The second of these collaborative antimicrobial resistance projects is the Food and Drug Administration (FDA), Center for Veterinary Medicine, Veterinary-Laboratory Investigation and Response Network (Vet-LIRN) project (3). This project has 21 AAVLD-accredited laboratories participating with the objective of performing surveillance of antimicrobial susceptibility testing results and whole genome sequencing of pathogens from the National Antimicrobial Resistance Monitoring System scope of interest (4).
This FDA project began in January, 2017, and initially involved collection of isolates and data for three zoonotic bacterial pathogens, with several other bacterial species added to the project in July, 2018. About 2,000 isolates have been collected since project inception, and the FDA has randomly selected about 200 of these isolates for whole genome sequencing. The remaining isolates have been archived for future studies. As an additional benefit related to this project, the University of Minnesota VDL received funds from FDA to purchase an Illumina iSeq Sequencer and participate in a collaborative project designed to increase the number and capabilities of network laboratories involved in the whole genome sequencing portion of this FDA project. Standardization and harmonization of these bacterial genome sequencing abilities among participating laboratories is further designed to increase the network capacity and facilitate future outbreak investigations.
In summary, in support of antimicrobial stewardship efforts, the University of Minnesota VDL Bacteriology Section provides clinical isolates and antimicrobial susceptibility testing data for two collaborative government-initiated projects, one in collaboration with the USDA and the other with the FDA. Further, the VDL as a whole provides leadership in antimicrobial stewardship on a daily basis, cooperating with disease outbreak investigations, collaborating with academic and industrial researchers, and educating veterinarians, clients and the public on issues of antimicrobial stewardship (1).
1. Hendrix, GK. 2018. The Role of Veterinary Diagnostic Laboratories in the Fight Against Antimicrobial Resistance
2. USDA. 2018. USDA’s Role in Combatting Antimicrobial Resistance.
3. FDA. 2018. Veterinary Laboratory Investigation and Response Network.
Science Page: Antibiotic susceptibility in Pasturella multocida and Streptococcus suis isolated at the Minnesota VDL
This is our Friday rubric: every week a new Science Page from the Bob Morrison’s Swine Health Monitoring Project. The previous editions of the science page are available on our website.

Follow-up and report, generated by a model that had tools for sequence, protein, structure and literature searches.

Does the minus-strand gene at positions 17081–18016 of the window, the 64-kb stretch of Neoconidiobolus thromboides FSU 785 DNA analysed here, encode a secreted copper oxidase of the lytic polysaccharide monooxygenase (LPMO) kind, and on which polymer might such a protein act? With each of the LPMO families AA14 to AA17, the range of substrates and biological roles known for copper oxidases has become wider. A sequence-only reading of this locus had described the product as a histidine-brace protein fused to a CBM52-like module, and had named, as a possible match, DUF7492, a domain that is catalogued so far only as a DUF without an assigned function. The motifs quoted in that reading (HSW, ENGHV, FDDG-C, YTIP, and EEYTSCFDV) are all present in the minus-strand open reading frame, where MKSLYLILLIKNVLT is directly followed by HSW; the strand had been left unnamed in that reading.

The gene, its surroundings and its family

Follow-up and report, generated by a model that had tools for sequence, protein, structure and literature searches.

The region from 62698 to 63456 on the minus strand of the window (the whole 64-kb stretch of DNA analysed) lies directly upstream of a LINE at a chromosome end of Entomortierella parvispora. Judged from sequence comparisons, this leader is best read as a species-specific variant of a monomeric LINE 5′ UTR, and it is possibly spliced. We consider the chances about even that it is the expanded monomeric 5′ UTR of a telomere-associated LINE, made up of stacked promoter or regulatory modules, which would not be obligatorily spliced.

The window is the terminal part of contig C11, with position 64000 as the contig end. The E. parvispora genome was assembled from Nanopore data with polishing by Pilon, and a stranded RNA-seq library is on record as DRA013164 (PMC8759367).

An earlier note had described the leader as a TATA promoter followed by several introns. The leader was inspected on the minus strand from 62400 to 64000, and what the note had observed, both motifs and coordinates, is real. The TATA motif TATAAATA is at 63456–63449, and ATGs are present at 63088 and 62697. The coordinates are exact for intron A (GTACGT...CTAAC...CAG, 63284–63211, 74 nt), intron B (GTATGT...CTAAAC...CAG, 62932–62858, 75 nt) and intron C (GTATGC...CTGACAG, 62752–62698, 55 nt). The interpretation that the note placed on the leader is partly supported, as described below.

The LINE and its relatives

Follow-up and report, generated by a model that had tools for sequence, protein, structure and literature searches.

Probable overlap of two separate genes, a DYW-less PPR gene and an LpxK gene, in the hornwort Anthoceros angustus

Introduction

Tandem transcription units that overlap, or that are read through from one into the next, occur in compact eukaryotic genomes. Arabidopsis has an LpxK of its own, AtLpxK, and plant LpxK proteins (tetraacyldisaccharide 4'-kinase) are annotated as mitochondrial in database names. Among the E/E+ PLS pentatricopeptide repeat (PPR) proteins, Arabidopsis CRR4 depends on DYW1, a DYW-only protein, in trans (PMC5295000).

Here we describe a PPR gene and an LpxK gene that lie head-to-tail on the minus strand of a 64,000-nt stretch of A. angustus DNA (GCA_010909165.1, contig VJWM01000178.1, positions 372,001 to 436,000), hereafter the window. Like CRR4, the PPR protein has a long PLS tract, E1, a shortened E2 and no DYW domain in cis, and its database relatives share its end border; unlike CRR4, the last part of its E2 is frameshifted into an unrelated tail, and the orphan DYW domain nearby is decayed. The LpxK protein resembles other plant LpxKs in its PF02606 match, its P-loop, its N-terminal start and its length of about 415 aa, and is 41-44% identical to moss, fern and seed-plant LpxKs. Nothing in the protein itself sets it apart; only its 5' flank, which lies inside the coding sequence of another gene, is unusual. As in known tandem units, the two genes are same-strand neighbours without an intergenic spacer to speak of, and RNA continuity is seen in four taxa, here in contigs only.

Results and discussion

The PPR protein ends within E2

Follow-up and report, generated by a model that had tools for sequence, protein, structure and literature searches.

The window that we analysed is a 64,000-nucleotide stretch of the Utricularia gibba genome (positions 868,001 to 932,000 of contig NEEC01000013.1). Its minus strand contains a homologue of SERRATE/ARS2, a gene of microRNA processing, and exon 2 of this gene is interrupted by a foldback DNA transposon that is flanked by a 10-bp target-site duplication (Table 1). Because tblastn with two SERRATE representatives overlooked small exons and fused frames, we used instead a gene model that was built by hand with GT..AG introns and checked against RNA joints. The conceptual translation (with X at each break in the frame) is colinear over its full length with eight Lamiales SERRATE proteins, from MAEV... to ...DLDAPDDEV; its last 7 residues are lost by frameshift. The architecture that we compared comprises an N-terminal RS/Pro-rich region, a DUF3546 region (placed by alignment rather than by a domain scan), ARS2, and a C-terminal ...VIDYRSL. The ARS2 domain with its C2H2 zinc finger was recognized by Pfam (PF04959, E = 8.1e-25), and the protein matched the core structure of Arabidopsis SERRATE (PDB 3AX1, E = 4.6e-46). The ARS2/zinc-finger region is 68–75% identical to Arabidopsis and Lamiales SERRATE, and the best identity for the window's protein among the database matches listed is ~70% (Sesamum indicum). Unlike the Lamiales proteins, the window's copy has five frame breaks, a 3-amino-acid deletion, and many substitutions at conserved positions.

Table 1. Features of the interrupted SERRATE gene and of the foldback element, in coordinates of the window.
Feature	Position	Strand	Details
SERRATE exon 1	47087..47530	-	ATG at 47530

Antimicrobial resistance has been a preoccupying topic for the past few years. We talked before about what the definition of antibiotic resistance is and how it can be interpreted in two different manners. This week, Dr. Alvarez from the STEMMA lab is reporting the trends in antimicrobial susceptibility observed in strains of Streptococcus suis and Pasteurella multocida isolated at the Minnesota Veterinary Diagnostic Laboratory over the past 10 years. S. suis and P. multocida are common swine pathogens that can cause severe economic losses. Knowing which antibiotics are more likely to be efficient against those bacteria can help in tackling the disease faster.
- MN-VDL data was analyzed to study antibiotic susceptibility in clinical isolates of Pasteurella multocida and Streptococcus suis from 2006 to 2016.
- Isolates were highly susceptible to Ampicillin, Ceftiofur, Enrofloxacin and Florfenicol throughout the study period.
- There were no changes in antibiotic susceptibility against the antibiotics tested routinely across the study period.
2016 Veterinary Diagnostic Laboratory Report: a new director, PRRS, PEDV, and Senecavirus
The Veterinary Diagnostic Laboratory’s mission is to protect and promote animal and human health through early detection and monitoring of animal diseases.
The 2016 report was published last month and we are compiling here the highlights related to swine. We can also read the full 2016 UMN VDL report.
- In April 2016, the VDL welcomed its new director Dr. Jerry Torrison.
- More than 50% of the procedures in the VDL were related to the porcine species last year.
- A new multiplex PCR test that combines Porcine Epidemic Diarrhea Virus (PEDv), Porcine Deltacoronavirus (PDCoV) and Transmissible Gastroenteritis Virus (TGEV) into one assay was implemented into the Molecular Diagnostic clinical testing schedule effective October 31st, 2016. The new assay provides clients with timely, quality results for all three viruses at the same time. The VDL ran 40,131 PEDv and PDCoV Multiplex Real Time PCR tests and 5,238 Triplex (PEDv/TGE/PDCoV) RT-PCR tests.
Additionally, the Serology lab conducted intensive testing in collaboration with Zoetis for validation of PED antibody test kit which they are planning to release on the market soon.
- Seneca Valley Virus PCR was validated and is part of routine testing. 3,205 Senecavirus A EZ Real time RT-PCR tests were run. An ELISA test for antibodies to Seneca Valley Virus in pigs is also available.
- The IHC lab participated in the 2016 AAVLD/NVSL Program for Inter-laboratory Comparison, and scored 100% in its detection of Porcine Circovirus type 2 in the test samples provided.